Sixty years ago large quantities of maple sugar used to be made in Garafraxa and other parts of the county, and to the young folk at least sugar-making, though there was plenty of hard work connected with it, seemed one of the pleasantest tasks of the year. It belonged to the bright weather of early spring, when, though the snow still lay deep in the woods and the nights were sharp and frosty, the sun’s power was making itself felt in the lengthening days. Before the sap began to run, the careful pioneer made ready plenty of troughs and buckets, casks and kettles, for the “tapping” of his trees, often two or three hundred in number. The first step of the process was to make an auger-hole through the bark, in which to fix a “spile” or spout of metal or wood to carry the sap into the receptacles below. The sap was collected once or twice a day, and was boiled in great kettles hung from a pole held in crotched sticks over a fire in the open air. This fire was often built along the great trunk of some fallen tree. If possible each day’s “run” of sap was finished the same night. When the syrup was sufficiently well boiled, the kettles were taken from the fire, and their contents were stirred till they turned to sugar, which was set in moulds to harden. “On these occasions,” writes one who had often taken part in such frolics, “the fun was free and boisterous,” and when the youngsters at last made their way homewards, they were usually very hilarious and sticky.

Mr. C. R. M'Keown, who since 1907 has been the representative of the county in the Provincial Legislature, and has been kind enough to give me some notes concerning its history, says that “Dufferin was formed in 1879, by taking Orangeville, East Garafraxa, East Luther, and Amaranth from the county of Wellington, Mono and Muhnur from Simcoe, and Shelburne and Melancthon from the county of Grey. The Act forming the county was so shaped that Orangeville, upon the passing of the Act, became at once the county town. Tnis caused great rivalry between this town and the village of Shelburne, which, though small as compared with Orangeville, was situated in the very centre of the new county. The Separation Act, however, carried, and Orangeville became the county town.”

With the exception of one instance, Dufferin has always been represented in the Dominion and Provincial Legislatures by Conservatives. It first became entitled to representation as a separate county in the Dominion House in 1905, and Dr. Barr of Shelburne was its first member in the House of Commons.

The county has been the scene of many triumphs in the cause of temperance, and, except in the village of Grand Valley, there are no licensed hotels within its borders. In some other respects Dufferin is a progressive county. It has many rural telephones and a number of rural mail delivery routes. In connection with its high schools, short courses have been given in judging stock and seed, and a few months ago six rural schools united to hold a school fair at Laurel, the exhibits coming, not from school gardens, but from the home-farms of the pupils.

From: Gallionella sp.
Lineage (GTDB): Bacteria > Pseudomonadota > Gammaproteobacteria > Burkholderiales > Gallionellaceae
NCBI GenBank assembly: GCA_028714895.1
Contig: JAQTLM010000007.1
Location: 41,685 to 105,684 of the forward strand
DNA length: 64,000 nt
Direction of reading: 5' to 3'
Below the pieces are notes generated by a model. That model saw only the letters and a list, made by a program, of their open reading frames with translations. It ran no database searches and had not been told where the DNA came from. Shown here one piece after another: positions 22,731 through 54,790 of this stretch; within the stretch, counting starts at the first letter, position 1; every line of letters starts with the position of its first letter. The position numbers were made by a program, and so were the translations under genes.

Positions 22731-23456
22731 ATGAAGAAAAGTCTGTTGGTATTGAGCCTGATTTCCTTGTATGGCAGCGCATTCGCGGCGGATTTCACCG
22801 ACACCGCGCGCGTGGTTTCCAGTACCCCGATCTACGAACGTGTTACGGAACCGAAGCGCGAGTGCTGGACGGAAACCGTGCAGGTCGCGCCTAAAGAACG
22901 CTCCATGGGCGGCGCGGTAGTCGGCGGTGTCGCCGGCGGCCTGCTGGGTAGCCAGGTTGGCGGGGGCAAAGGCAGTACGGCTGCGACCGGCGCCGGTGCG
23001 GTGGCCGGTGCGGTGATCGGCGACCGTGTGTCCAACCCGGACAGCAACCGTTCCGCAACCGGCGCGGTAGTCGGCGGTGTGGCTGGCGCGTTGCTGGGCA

The couplet at the head of this sketch was written by a Scotsman, who in more senses than one may be counted a “pioneer” Canadian poet. Like Kingsley’s Alton Locke, M'Lachlan was both “tailor and poet,’ having learnt his trade in Scotland, before coming out to try, somewhat unsuccessfully, to make a success of bush-farming. Like Kingsley’s hero too his ideals were democratic. His early volumes of verse were printed in Toronto and published, not very effectively, by himself. But he made many good friends in his life. D’Arcy M'Gee in 1862 obtained for him the appointment of Government Emigration agent in Scotland, and twice his admirers, of whom there were many, subscribed to “testimonials” in the form of sums of money for his benefit. When nearly sixty, he settled with some members of his large family on a farm in Amaranth Township; and in the last year of his chequered life he bought “a substantial brick house in Elizabeth Street, Orangeville." There he died suddenly on March 20, 1896, and his mortal remains were laid to rest in the pleasant Greenwood Cemetery, two miles west of the town.

In the early nineties, a barrister and prominent citizen of Orangeville, Elgin Myers, who was created Queen’s Counsel in 1890 and County crown attorney of Dufferin in the following year, startled the community by his written and spoken recommendations of annexation to the United States. When it was objected that “public advocacy of the transfer of Canada and its people to a foreign nation" was “inconsistent with the holding of a public office in connection with the administration of justice,” he insisted on his right of free speech and declined to resign. Finally, after much correspondence, he was dismissed from his office by Hon. Oliver Mowat’s Government in 1892.